or Australia, nor are crocodiles found in the Irish countryside. A possible explanation as to
why many Swedish animal idioms contain the same animal may be that since Sweden is the
only country where Swedish is spoken and since Sweden does not have a notable imperialistic
history, it stands to reason that many animal idioms are based on animals found there.

Similarly, there are Swedish animal idioms, which contain wild animals like the crocodile (att
gråta krokodiltårar) or the elephant (som en elefant i en porslinsbutik) that are not native
animals. One explanation may be that these idioms may have been translated from the English
equivalent or from another foreign language and are now used in Swedish. Another possible
explanation is that of Flavell & Flavell (2001:63-64) who refer to the etymology of certain
idioms such as to shed crocodile tears. According to Flavell & Flavell, this idiom “is used
figuratively to refer to a show of false emotion in both Greek and Latin”. By studying the
etymology of animal idioms, one can better understand why they exist and how to use them
(see 2.3). Nevertheless, Flavell & Flavell (2001:8) state that tracing the origin of idioms is not
always easy. The origin of the well-known animal idiom to keep the wolf from the door is
interesting to mention in this respect. The “wolf” here symbolises hunger. Flavell & Flavell
(2001:204) explain that “since ancient times, the wolf has been a symbol of poverty and
want.” Fables often depict the wolf as being very hungry and on the lookout for food, so
preventing the wolf from reaching the door means ‘keeping hunger and starvation at bay’,
which is not always easy when in dire straits. Another interesting “wolf” idiom with the same
origin is to wolf down one’s food which refers to the action of eating ravenously.

The broader variety of animals used in English often appear to reflect the diverse natural
environments in which English speaking peoples live (see 2.3.4). There are several English
animal idioms containing for example a turkey (to talk turkey3, to be a turkey4), most of which
3

to talk turkey (1824) is supposedly from an elaborate joke about a swindled Indian and
nowadays meaning “to talk straight/honestly”. http://.www.etymonline.com. Retrieved 10
December 2005.
4
to be a turkey (1927) was used in show business slang, meaning ”inferior show, failure”,
probably from the bird’s reputation for stupidity. http://.www.etymonline.com. Retrieved 10
December 2005.


16
are probably mostly used in the USA or Canada. Similarly, animal idioms with possums5 (to
play possum), dingos6 (as dry as a dead dingo’s donger), echidnas7 (as prickly as an
echidna), wombats8 (as woolly as a wombat), kangaroos9 (one kangaroo short of a paddock;
as happy as a kangaroo in a fog) or lizards10 (to be flat out like a lizard drinking) are used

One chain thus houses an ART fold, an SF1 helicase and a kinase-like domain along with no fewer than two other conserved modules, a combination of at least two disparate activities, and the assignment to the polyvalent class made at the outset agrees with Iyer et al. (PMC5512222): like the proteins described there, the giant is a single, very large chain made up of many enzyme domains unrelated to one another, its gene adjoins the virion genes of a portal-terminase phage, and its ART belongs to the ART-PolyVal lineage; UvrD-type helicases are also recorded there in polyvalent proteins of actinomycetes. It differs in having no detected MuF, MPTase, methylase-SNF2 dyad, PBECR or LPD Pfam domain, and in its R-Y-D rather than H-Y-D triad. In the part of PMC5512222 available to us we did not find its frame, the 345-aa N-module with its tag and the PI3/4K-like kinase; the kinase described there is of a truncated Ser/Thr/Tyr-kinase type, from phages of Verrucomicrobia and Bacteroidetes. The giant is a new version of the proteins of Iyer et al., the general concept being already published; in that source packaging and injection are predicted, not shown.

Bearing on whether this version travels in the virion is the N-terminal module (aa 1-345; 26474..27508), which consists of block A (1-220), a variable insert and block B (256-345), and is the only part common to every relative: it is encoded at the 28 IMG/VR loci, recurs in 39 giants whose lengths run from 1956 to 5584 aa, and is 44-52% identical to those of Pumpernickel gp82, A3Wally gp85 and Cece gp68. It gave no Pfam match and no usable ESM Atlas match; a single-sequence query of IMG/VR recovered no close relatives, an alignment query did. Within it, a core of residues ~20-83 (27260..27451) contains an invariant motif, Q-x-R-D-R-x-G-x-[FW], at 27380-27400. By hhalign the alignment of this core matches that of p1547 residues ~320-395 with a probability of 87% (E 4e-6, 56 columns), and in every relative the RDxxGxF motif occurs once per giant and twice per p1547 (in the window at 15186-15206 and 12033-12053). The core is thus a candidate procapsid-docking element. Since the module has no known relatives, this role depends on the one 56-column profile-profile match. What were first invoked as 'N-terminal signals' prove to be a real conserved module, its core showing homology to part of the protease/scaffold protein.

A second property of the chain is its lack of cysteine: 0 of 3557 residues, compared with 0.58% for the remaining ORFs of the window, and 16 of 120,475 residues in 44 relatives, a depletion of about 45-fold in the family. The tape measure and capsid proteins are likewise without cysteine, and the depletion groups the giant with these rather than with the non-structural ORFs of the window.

predominantly in Australia. In Swedish, animal idioms with turkeys, possums, dingos,
echidnas, wombats and kangaroos do not occur most likely since they are not found among
the Swedish fauna. However, this does not necessarily mean that an equivalent does not exist.
In such a case, the equivalent often has the same metaphorical meaning as in to play possum,
which means “to play dead” and whose Swedish equivalent is att sova räv ‘to sleep fox’.
Another example is as proud as a peacock, which means “to be very proud” and whose
Swedish equivalent is stolt som en tupp ‘as proud as a rooster’. If no Swedish equivalent
exists, it is important to try to understand the cultural concept when translating it literally, so
that the metaphorical meaning is not lost. Further observations on the use of metaphors and
the issues of literal translation will be presented in 4.2.4, 4.2.5 respectively.

Other animals that Swedes seem as keen as English-speaking people to use in their idioms are
domesticated animals such as dogs, cats, chickens, horses, pigs, sheep, etc. Thus we find to
count sheep – räkna får; all cats are grey in the dark – I mörkret är alla katter grå, as strong
as a horse – stark som en häst. Even when the animal is different in English and Swedish (see
category (2)), some of the idioms have domesticated animals in both languages: I smell a rat –
det osar katt; when the cat’s away the mice will play – när katten är borta dansar råttorna på
bordet. However, in many idioms where the animal is different in both languages, only one of
the animals may be domesticated: as blind as a bat – blind som en nyfödd kattunge.

5

to play possum – the word ’possum’ comes from ‘opossum’ and has its origin in the North
American Indian language Algonquian, the idiom meaning ‘to pretend to be sleeping/dead’.
Source: Michael Wherrity.
6
dingo (1789) – this word originates from the Aboriginal Australian Dharruk language